To RDS or EC2—Where Will Your Database Be Happier?

Four years ago, moving a database to the cloud required courage, optimism, and confidence (or ignorance). Cloud platforms were young, and fundamental security, performance, and management issues were far from solved.

How much things have changed. Today, public clouds offer very solid platforms to run applications and databases. For example, AWS offers two good options for running a SQL database in the cloud: RDS and EC2.

Both enable building a database in a VPC secure environment, support applications with high performance requirements, and are highly scalable. Also, those with existing Oracle or SQL Server licenses can bring them over to reduce cloud costs.

However, there are some important differences between RDS and EC2 databases.

RDS for Simplicity and Reduced Maintenance and Management

The main advantage of RDS is that AWS will take responsibility for the database. There’s almost no configuration, management, or maintenance requirements—AWS even handles software patches automatically.

RDS supports Oracle, SQL Server, MySQL, PostgreSQL, and Aurora (AWS’ proprietary database in preview, which promises MySQL compatibility and five times the performance).

It’s also easy to get good baseline performance with RDS. Each RDS instance is pre-configured and optimized based on the selected size. RDS instances scale by adjusting memory or compute power up or down as needed. It’s also simple to configure read replicas or set up synchronous replication across availability zones for enhanced performance, availability, and durability.

You can choose between standard magnetic storage—which bursts up to 3,000 IOPS—SSD drives or provisioned, which is guaranteed up to 10,000 IOPS, depending on what your application needs. Finally, RDS offers automatic backups and optional encryption at rest and in transit.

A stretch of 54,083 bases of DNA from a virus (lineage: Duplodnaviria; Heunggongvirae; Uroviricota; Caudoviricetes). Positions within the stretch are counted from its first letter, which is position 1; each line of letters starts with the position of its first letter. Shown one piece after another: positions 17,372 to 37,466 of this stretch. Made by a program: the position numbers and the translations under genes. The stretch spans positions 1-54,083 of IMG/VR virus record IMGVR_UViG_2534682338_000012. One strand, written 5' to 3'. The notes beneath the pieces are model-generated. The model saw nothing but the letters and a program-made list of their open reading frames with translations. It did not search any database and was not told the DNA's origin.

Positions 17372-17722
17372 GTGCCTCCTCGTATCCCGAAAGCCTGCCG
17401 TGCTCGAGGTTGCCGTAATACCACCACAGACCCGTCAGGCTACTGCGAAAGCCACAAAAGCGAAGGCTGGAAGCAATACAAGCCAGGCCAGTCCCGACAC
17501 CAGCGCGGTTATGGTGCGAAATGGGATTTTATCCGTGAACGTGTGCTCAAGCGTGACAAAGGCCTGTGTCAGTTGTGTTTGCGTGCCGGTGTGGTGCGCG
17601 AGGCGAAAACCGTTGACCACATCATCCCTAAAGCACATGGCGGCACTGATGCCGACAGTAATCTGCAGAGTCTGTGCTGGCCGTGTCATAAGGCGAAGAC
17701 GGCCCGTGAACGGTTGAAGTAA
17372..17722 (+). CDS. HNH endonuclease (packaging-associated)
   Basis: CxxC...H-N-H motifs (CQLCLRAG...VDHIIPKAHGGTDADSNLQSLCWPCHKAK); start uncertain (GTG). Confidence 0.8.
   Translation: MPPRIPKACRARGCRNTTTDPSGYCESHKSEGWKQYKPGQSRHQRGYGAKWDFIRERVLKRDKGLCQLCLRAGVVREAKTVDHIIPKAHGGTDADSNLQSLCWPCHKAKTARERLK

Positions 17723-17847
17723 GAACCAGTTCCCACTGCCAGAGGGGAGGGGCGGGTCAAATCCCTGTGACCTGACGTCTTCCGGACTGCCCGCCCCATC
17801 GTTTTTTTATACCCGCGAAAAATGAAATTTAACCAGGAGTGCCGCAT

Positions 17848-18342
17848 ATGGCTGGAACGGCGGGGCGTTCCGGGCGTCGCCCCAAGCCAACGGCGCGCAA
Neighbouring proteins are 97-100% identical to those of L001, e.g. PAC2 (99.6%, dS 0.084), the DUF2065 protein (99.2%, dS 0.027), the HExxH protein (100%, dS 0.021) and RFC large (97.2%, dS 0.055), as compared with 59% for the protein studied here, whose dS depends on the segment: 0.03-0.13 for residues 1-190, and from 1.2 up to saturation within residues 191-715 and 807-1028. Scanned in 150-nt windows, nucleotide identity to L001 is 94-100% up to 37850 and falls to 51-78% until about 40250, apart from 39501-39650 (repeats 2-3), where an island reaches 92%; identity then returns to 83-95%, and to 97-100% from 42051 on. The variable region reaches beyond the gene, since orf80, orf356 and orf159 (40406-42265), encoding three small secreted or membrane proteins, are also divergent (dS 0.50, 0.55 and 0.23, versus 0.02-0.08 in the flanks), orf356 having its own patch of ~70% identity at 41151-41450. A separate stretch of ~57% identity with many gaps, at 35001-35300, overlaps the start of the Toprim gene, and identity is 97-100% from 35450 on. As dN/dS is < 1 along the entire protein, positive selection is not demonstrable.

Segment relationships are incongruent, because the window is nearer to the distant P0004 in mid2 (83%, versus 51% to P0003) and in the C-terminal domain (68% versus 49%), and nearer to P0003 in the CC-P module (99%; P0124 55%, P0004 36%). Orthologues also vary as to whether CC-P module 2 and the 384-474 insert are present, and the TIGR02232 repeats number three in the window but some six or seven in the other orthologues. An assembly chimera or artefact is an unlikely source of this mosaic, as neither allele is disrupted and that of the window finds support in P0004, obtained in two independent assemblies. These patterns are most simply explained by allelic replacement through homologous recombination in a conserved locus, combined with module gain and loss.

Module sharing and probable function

EC2 for Full Control

One of the key benefits of EC2 is complete control. For example, a database running on EC2 could use EBS RAID and striping configurations to reach higher performance and go beyond the current 1Tb capacity limitation. With striping, provisioned IOPS and the right EC2 instance, you can get up to 48,000 IOPS and 800MBps throughput per instance. EBS volumes are also automatically replicated and can be encrypted to protect data at rest and in motion as it travels between EBS volume and the EC2 instance.

With EC2, you have full control over maintenance windows, use of ports, number of instances per database, and the option to run alternative versions of database engines, including those not supported by RDS: SQL Server 2014 and IBM DB2, for example.

So, EC2 provides more flexibility to meet unique performance, replication, archival or DR requirements, and is therefore a good option if RDS limitations impact application performance.

Where to Start with Database in the Cloud

While EC2 offers some real benefits, for most applications, RDS makes sense as the first choice. Having more control is always nice, but think about the value of your time and the skills readily available. For example, do you really want to spend time on things such as InnoDB buffer pool size optimization to get better performance? With RDS, the time you save managing your database engine can be spent optimizing it.

Beyond that, and before actually moving anything to the cloud, a performance and response time analysis tool should be used to understand the performance profile of the application and database, and to determine the role every infrastructure element—CPU, memory, read/write speed, latency, etc.—plays in performance. This information is essential to make sizing decisions and avoid resource overprovisioning or performance degradation.

Next, always remember that scaling CPU and memory will not solve all performance problems and that adding resources can quickly get expensive. Response time analysis is essential to understanding what drives performance and to inform better decisions, whether databases reside in the cloud or on-premises.

Finally, it’s important to understand all of the elements that make up the cost of running a database in the cloud—such as instance class, running time, primary and backup storage, I/O requests per month, and data transfer—their growth expectations over time, and how all of this compares to your costs today, including the cost of people needed to manage and monitor.

At the end of the day, running databases in the cloud can result in greater flexibility and agility. More importantly, it can reduce the time spent on routine and administrative tasks, giving you more time to do the fun stuff—such as improving application performance.